Adam Gussow is the subject of the documentary Satan & Adam, directed by V. Scott Balcerek, which is in select theaters from April 12 through Cargo Film & Releasing. Gussow, a professor of English and Southern Studies at the University of Mississippi, is the author of Mister Satan’s Apprentice: A Blues Memoir (1998) and Beyond the Crossroads: The Devil and the Blues Tradition (2017).
I’ve spent the past year traveling the American film festival circuit, sharing my thoughts as the so-called “subject” of Satan & Adam, a documentary about an interracial blues duo that began back on the streets of Harlem in the fall of 1986. Many people seem surprised that a young white blues harmonica player — I was 28 at the time — would be brave enough, or stupid enough, to make that sort of racket in the heart of America’s best known black metropolis. They’re even more surprised to learn that I stuck it out for five years, in plain view on 125th Street, one block east of the Apollo Theater. Why? they ask. Why take the risk?
They’re not wrong to ask. Anybody who lived in New York between 1986 and 1991 knows just how rough those years were. Two months after I first joined Sterling “Mr. Satan” Magee at his streetside venue, a white mob chased three black men out of a pizzeria in Howard Beach; Michael Griffith, 23, was hit by a car and killed as he fled across the Belt Parkway. I remember that murder well, because it directly impacted my position in Harlem — in a remarkable way. The first time Sterling and I played together on 125th Street after the episode, in a media environment saturated with tabloid and mainstream coverage alike, I was treated not like an interloper but precisely the reverse: as a musician who, in choosing to join my older African-American partner in public, was offering a living image of brotherhood that the community could take pride in.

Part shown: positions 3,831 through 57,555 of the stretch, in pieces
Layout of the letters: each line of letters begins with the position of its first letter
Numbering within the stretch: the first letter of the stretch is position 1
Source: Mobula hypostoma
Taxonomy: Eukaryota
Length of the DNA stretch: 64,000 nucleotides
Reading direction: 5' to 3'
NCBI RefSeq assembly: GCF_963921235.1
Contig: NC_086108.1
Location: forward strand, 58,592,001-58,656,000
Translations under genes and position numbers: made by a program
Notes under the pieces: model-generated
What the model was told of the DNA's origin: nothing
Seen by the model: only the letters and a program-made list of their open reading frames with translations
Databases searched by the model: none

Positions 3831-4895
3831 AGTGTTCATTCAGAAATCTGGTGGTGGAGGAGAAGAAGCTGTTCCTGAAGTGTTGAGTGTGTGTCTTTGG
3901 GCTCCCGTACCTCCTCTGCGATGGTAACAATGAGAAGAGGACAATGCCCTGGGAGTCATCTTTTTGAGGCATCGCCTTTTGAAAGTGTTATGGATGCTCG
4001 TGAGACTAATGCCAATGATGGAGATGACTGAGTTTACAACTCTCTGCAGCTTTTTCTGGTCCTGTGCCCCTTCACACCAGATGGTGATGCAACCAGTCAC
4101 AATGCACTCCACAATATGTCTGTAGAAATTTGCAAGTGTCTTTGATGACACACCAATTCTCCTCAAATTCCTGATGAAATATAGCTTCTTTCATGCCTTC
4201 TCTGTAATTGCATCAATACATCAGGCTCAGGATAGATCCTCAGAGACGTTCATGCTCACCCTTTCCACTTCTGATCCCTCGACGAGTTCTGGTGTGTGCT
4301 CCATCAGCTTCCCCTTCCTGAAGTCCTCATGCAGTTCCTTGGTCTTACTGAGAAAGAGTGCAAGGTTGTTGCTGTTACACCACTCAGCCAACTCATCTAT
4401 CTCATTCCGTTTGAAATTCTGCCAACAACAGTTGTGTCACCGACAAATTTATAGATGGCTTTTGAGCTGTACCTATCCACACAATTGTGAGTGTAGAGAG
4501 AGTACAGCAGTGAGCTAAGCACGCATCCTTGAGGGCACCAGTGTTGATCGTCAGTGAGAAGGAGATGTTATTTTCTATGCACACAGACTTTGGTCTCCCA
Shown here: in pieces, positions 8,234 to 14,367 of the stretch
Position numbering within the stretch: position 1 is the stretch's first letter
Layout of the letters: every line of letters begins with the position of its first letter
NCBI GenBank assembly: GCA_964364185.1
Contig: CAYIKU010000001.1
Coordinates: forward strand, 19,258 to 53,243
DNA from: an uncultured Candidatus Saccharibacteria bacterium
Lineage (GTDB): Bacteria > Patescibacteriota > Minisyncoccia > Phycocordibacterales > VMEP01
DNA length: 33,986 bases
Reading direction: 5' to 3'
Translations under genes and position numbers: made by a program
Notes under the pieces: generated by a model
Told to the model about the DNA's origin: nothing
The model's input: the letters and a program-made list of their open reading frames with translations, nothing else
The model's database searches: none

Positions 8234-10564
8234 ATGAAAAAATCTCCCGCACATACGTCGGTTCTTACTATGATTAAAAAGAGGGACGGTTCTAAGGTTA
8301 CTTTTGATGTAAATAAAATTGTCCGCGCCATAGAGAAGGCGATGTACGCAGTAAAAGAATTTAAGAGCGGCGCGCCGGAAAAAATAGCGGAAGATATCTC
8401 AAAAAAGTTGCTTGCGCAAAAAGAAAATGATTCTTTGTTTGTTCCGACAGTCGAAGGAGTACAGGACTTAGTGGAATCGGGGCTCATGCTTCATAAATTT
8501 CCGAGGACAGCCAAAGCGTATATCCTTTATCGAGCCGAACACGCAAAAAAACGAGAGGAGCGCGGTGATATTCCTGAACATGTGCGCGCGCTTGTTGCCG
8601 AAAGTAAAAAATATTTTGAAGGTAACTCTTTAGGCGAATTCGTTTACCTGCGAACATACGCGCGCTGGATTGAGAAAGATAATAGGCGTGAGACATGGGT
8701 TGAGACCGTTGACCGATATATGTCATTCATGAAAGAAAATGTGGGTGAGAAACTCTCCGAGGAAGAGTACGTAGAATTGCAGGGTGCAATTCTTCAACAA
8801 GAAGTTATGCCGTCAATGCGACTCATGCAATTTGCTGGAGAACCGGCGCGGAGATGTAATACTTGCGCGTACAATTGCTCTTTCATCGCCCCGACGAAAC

One young black man in horn-rimmed glasses came up to me with tears in his eyes. “I love you,” he said, pumping my hand. “I love you. Do you know what I’m saying?”
“We are the Creators!” Mr. Satan roared into his mic, gesturing not just at me but at the washtub bass player, Bobby Bennett, a.k.a., Professor Sixmillion. “We are a threesome! And while you’re at it, put your hands together for the young man! He’s been blowing that thing!” I spent a long, cool January afternoon slapping hands and chatting with dozens of people during our breaks. When I referred to “that bullshit out in Queens,” as I did a few times, everybody knew what I meant, and their responses made clear that we — they and I and my blues partners — weren’t about that. It was thrilling to be considered part of the solution, not the problem. Any residual sense of apprehension I might have brought with me dissolved, unneeded.
Those familiar with today’s rapidly gentrifying Harlem may not realize just how rare white faces were on the streets back then. With the exception of excursion busses depositing tourists at the Studio Museum — which was right next to the spot we played— and Sylvia’s Soul Food, Harlem was an all-black world, one whose configuration in white minds had been critically impacted by a range of negative media images over the years: riots in the sweltering 1960s, Malcolm X on his soapbox with finger upraised, and, in the late 1970s, several sensationalized rapes in Morningside Park. I was warned repeatedly by the white people I’d known as a grad student at Columbia to steer clear.
But I didn’t. I ventured first into the jazz clubs, La Famille and Showman’s, where my performances with trumpeter Tippy Larkin, organist Jimmy “Preacher” Robins, drummer Phil Young, and other performers led not to cries of cultural appropriation but to encouragement, bandstand mentoring, and many deep, thoughtful conversations with patrons. It was those conversations, as much as my yearning to explore and master the music in an environment where it flourished with full call-and-response intensity, that made Harlem feel like an invaluable education, one I could obtain nowhere else. I still remember how thrilled I was when Robins, a Deep South R&B singer, offered me a legit gig at a club on 125th; we followed a young jazz violinist named Regina Carter onstage.